Syntactic Consequence (Provability)

A formula ** A** is a syntactic consequence within some formal system

**𝓕𝓢**

of a set

**Γ**of formulas if there is a formal proof in

**𝓕𝓢**of

**from the set**

*A***Γ**.

**Γ ⊢**≡

_{𝓕𝓢}A**∃Γ ⊆ FS Provable(Γ, A)**

https://en.wikipedia.org/wiki/Sentence_(mathematical_logic)

In mathematical logic, **a sentence of a predicate logic** is a boolean-valued well-formed formula with no free variables. A sentence can be viewed as expressing a proposition, something that **must be true or false.**

https://plato.stanford.edu/entries/goedel-incompleteness/#FirIncTheCom

The first incompleteness theorem states that in any consistent formal system F within which a certain amount of arithmetic can be carried out,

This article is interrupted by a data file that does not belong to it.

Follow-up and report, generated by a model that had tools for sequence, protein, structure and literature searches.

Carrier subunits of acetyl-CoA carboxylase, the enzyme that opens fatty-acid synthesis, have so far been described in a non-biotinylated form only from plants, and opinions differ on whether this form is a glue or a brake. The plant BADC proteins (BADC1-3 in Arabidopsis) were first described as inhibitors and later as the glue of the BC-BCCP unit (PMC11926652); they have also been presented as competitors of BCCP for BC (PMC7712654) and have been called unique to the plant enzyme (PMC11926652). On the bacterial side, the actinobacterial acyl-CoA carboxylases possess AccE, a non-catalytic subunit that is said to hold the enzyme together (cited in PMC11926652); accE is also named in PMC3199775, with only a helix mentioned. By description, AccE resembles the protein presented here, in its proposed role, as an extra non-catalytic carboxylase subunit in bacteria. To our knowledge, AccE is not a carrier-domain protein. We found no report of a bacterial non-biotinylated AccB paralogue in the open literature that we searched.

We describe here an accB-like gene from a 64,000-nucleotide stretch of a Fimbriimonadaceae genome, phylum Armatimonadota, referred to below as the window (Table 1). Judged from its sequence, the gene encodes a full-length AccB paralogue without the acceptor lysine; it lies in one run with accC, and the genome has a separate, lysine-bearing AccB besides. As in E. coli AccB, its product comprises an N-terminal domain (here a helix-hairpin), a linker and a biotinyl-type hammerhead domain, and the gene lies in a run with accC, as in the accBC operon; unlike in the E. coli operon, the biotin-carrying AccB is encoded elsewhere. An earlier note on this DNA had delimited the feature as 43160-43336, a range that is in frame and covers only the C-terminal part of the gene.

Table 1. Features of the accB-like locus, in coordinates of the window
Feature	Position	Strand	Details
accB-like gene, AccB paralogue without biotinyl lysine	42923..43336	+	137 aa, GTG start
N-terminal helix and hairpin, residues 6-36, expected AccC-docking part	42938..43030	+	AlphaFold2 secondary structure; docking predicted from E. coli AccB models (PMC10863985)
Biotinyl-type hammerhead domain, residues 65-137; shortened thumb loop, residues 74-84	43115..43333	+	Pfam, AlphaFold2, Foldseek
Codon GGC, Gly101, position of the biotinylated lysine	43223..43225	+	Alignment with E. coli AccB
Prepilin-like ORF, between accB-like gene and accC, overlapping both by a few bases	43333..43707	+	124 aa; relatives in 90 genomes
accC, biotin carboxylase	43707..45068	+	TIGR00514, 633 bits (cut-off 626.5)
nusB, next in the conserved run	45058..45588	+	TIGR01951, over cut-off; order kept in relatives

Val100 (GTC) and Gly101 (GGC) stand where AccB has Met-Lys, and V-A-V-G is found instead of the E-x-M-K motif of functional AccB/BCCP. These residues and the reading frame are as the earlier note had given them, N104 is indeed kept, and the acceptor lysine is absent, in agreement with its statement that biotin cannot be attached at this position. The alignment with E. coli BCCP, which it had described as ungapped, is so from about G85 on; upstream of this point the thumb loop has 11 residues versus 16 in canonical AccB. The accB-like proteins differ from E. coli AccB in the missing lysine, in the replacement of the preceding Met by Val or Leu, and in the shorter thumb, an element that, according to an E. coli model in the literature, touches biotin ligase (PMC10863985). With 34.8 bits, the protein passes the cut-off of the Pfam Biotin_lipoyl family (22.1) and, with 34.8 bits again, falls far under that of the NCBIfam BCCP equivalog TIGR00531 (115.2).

**there are statements of the language of F which can neither be proved nor disproved in F:** **Sentence _{F}(G) ∧ ~Provable_{F}(G) ∧ ~Refutable_{F}(G)**

**G @ ~∃Γ ⊆ F Provable(Γ, G)** // Minimal Type Theory

(1) The above * expression* says that it is not

*.*

**provable**(2) The above

*is indeed not*

**expression***.*

**provable**(3) However the above

*is not a*

**expression***(see graph below).*

**sentence****Sentence translated into a Directed Acyclic Graph by the MTT compiler:**

[01] G (02)(07)

[02] NOT (03)

[03] THERE_EXISTS (04)

[04] SUBSET_OF (05)(06)

[05] Γ

[06] F

[07] Provable (05)(01) **// cycle indicates infinite evaluation loop**